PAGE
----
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The only time I’ve dealt with death was with my hamster, Chubs. He died a quiet death for unknown reasons. An autopsy wasn’t performed, why would anyone? But for the body that lies in front of me, an autopsy was surely to be performed by a coroner. Why wouldn’t it? Luther was in my dorm hall drinking, but he passed out in the hallway. People stepped over him, thinking he was another drunken college student. But he wasn’t drunk. He was dead. And he wasn’t a student. He was my drug dealer. Well, pot dealer. I stay away from the hard drugs.

             It was merely a matter of time before I am linked to all of the madness that will ensue over the campus for the next couple of months. It had to come back to me. But maybe it wouldn’t. Either way, Resident Advisors became drill sergeants. And I became a scared college Cadette in need of weed. I don’t mean to sound insensitive or anything, but I didn’t really know the guy that well. He just sold me the green every month or so. But other than his first name, which probably isn’t his real name, I know nothing about the corpse decaying in the morgue at the moment. Maybe I was desensitized to it all from the violence on the news every day, or the video games and movies. All I knew was that death is inherently sad but natural. I’m a biology major, so I’m familiar with the cycle of life.

             And that cycle of life includes socialization—an obligation to which I’ve held a lukewarm candle to. Not even the flames, just the hot wax that some use as a tantalizing stimulation. Which is all I’ve ever really needed. But now that my weed dealer decided to push daisies instead of cannabis, I needed to network and find a new dealer, lest I be damned my senior year of college weedless. Or even worse, bunk weed—reggie. Reggie is like an off-brand name of weed that one purchases to be economical, or that’s the potheads’ only source to buy.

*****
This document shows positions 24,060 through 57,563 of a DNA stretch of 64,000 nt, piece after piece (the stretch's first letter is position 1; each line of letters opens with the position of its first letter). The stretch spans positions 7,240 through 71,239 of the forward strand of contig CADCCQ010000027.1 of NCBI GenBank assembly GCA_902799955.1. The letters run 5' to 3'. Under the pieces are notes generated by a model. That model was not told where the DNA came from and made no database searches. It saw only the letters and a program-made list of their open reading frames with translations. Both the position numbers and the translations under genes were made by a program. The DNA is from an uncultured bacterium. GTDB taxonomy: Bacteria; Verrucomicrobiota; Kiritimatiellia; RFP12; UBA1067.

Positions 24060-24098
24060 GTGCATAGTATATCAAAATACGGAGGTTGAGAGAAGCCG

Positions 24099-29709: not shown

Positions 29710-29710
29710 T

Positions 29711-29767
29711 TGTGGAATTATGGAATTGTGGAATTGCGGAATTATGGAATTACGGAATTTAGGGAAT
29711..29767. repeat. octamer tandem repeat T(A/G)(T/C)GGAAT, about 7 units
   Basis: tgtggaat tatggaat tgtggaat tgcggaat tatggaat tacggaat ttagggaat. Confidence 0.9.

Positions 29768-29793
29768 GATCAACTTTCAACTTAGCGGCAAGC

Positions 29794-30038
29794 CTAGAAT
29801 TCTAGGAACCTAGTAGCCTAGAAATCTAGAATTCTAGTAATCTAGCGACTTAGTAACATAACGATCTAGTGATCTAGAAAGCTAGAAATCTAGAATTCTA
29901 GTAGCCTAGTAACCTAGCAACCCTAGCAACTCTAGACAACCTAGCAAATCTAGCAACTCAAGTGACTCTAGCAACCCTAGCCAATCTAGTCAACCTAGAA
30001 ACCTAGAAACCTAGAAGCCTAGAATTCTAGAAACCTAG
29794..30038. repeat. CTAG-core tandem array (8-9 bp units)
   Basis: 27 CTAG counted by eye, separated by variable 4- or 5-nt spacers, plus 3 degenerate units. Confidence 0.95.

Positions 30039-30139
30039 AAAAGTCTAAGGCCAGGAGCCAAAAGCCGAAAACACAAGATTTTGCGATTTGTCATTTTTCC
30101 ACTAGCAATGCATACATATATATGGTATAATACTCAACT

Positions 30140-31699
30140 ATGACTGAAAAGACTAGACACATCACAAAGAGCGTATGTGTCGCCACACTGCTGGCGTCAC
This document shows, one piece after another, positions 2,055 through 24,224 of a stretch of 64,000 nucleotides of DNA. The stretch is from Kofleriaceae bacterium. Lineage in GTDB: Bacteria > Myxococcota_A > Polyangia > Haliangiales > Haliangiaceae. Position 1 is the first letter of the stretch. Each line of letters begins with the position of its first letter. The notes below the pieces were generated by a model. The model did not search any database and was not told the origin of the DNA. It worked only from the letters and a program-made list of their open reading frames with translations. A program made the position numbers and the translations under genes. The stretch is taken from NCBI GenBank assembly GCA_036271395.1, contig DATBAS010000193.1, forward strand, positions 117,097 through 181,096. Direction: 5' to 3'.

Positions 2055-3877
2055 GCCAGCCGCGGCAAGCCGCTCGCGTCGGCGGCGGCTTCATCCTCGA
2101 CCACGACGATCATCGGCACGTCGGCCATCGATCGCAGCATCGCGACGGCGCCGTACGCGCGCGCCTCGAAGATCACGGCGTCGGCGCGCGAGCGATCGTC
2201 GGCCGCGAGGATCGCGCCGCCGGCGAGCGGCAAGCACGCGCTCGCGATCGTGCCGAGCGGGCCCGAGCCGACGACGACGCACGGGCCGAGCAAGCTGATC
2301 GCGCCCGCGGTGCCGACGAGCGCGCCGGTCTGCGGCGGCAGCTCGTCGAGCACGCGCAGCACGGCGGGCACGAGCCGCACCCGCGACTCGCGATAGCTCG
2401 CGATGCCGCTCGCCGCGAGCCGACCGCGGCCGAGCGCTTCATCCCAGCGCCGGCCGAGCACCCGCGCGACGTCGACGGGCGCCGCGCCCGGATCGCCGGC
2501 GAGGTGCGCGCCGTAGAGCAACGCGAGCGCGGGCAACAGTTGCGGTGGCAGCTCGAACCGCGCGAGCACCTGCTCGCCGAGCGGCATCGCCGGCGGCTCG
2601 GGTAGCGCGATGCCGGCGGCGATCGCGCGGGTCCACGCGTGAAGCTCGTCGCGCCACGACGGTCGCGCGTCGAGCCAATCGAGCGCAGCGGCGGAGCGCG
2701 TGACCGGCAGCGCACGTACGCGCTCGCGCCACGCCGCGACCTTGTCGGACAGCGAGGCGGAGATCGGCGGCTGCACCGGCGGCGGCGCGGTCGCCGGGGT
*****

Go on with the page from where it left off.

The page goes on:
But to whom meets my standards of friendship? Do I even have any standards at all? I find people to be mostly weird anxiety-filled creatures. During my youth, the only friend—besides Mary Jane—I ever had was Dean Sanders. We had each other’s back from elementary school to the freshman year of high school. That’s when Dean went and “found God”. He renounced all the things he found to be “unholy” and “non fundamental” to his religious cult. He tried to initiate me into his church, but I was candid with him and told him there was no way in hell—that doesn’t exist—I’d go to church and have my brain stirred to mush by the delusional adults, who are supposed to be the responsible ones in society. Yet, I found it odd that they believe in ghosts and magic men in the sky. Needless to say, my friendship with Dean went sour soon after that.

             I wandered the halls of the multiple dorms, striking up awkward attempts at lame conversation. I was a bit rusty, but eventually I met Levi, a heavy-set sophomore with wire rim glasses and acne one could find constellations in. And he led me to a name of a “bomb ass” dope dealer. His words, not mine. I don’t think he quite got over high school, much less puberty. I gave him my word that I’d tutor him in statistics anytime he wants. I felt I owed him something. Isn’t that how humans operate? Tit for tat. Quid pro quo. Et cetera. Anyhow, he gave me the number of this guy named Marvin. It’d been over a month since Luther’s death, which meant it’s also been over a month since I’ve smoked. So, I texted him right away.